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In the latest season (S6) of Boku no Hero Academia, basically a mom was trying to help her kid by giving some advice about not having such a chip on his shoulder. But the edgelord kid reacted with "what do you know!", and then: "啓発本でも読んだのかよ", which is translated as "Did you read a self-help book or something?!"

My question is about 啓発本. 啓発 (keihatsu) is apparently a common word according to jisho.org (though I've never encountered it), and they say it means a wide range of things from "enlightenment" or "edification" to "development". I just am not sure about any of those definitions, especially in the context of how 啓発本 is used in this particular instance.

"Did you read a self-help book or something?!" seems like an excellent translation (given the context of the anime, where the kid is mocking his mom's "plastic" concern), but I'm just completely unfamiliar with the term 啓発本, or 啓発 for that matter. I guess I'm asking for more thorough definitions (in terms of connotation as well) of these terms. Another example or two would be appreciated as well.

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啓発本, or more fully 自己啓発本 ('self-englightening books') , is a collective name for books that deal with successful career, positive thinking, time management, being happy, or those kinds of things. You can google the term and see lists that should include some translations from English. My impression is that translated books of this genre is mostly American. So self-help book is fine, but could be a bit narrower than 啓発本 as a category.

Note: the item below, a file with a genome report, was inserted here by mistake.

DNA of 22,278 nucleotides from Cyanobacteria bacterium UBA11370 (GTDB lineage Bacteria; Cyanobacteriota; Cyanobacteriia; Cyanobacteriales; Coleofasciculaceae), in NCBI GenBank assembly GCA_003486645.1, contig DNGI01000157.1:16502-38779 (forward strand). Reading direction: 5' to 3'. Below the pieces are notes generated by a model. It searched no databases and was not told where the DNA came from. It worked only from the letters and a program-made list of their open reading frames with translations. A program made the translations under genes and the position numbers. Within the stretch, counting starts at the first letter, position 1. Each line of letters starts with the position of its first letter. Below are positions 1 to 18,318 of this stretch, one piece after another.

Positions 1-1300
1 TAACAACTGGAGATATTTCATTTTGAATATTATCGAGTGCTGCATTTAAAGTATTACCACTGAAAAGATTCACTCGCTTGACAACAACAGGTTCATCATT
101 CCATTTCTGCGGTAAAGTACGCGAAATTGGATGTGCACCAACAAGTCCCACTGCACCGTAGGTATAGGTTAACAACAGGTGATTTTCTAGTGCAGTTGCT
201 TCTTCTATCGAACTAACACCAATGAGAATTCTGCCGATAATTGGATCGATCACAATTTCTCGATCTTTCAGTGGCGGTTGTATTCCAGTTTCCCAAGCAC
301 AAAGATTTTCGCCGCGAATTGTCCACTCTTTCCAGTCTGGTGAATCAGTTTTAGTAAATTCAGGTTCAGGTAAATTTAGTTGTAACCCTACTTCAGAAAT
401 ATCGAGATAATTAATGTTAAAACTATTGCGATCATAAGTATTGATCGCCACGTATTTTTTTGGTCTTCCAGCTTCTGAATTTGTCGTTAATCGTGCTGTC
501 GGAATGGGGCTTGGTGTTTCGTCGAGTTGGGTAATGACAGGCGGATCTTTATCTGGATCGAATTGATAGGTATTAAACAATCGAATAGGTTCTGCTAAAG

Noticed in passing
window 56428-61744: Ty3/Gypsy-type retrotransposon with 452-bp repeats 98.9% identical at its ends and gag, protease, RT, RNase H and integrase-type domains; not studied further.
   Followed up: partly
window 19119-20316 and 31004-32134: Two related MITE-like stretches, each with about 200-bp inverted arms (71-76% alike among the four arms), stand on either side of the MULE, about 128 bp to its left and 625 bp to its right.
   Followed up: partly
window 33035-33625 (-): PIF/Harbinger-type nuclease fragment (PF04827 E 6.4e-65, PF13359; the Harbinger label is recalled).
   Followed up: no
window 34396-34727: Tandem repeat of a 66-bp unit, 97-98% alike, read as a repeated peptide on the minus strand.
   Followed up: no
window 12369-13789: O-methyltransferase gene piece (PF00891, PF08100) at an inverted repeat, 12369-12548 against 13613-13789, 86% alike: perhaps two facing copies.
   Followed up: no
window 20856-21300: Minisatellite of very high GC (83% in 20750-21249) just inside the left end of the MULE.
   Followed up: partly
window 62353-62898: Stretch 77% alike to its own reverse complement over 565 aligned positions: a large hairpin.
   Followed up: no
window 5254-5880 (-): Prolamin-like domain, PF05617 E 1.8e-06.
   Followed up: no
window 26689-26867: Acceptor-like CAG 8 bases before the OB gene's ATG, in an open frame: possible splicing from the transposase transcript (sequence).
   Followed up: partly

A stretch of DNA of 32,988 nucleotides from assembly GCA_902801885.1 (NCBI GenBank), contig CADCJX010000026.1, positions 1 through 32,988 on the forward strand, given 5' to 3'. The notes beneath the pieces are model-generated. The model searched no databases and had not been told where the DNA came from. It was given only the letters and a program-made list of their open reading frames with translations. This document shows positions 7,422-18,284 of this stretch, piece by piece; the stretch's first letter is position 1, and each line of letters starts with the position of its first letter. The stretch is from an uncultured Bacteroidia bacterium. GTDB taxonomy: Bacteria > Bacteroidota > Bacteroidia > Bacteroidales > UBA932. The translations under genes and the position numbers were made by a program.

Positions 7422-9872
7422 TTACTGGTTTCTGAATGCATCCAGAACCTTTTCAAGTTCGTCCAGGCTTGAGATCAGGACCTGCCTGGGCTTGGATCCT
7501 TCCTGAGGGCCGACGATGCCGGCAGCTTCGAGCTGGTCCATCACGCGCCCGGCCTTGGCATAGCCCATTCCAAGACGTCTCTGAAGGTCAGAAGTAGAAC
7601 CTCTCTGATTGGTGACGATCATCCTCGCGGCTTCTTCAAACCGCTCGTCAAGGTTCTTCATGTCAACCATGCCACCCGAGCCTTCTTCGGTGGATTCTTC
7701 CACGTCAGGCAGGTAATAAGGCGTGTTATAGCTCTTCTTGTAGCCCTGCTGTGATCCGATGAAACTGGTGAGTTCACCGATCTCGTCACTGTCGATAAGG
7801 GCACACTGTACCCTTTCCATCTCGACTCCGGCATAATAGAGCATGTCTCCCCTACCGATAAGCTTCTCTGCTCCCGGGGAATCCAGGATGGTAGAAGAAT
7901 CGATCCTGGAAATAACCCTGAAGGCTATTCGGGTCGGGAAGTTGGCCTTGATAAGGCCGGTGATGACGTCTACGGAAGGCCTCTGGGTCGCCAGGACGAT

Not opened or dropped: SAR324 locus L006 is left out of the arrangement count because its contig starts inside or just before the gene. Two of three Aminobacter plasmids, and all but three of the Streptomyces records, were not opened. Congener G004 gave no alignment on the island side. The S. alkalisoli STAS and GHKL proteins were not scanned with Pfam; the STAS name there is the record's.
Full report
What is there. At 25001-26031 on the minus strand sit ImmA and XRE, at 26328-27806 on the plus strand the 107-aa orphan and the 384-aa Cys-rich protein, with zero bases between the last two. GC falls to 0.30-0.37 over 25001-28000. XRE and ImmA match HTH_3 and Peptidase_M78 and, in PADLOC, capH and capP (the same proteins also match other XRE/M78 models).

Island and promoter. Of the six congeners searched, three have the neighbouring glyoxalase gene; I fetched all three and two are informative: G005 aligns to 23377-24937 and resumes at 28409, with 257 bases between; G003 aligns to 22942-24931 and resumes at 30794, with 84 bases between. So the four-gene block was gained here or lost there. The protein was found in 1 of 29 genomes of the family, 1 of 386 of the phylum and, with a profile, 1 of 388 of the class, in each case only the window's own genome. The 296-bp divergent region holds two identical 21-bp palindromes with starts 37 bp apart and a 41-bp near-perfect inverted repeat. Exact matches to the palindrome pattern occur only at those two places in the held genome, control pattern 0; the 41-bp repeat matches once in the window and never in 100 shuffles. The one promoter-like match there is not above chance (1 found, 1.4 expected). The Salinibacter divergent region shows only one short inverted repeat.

啓発する is a verb meaning to enlighten, provide insights (a synonym is 啓蒙). It is often used in the passive.

  • この本から大いに啓発された
  • I learned a great deal from this book. (Literally, I was enlightened a lot by this book)

In practice, 啓発される is a strained/affected way to say to learn and I don't think it's used in ordinary conversations. It may be used in book reviews as a compliment.

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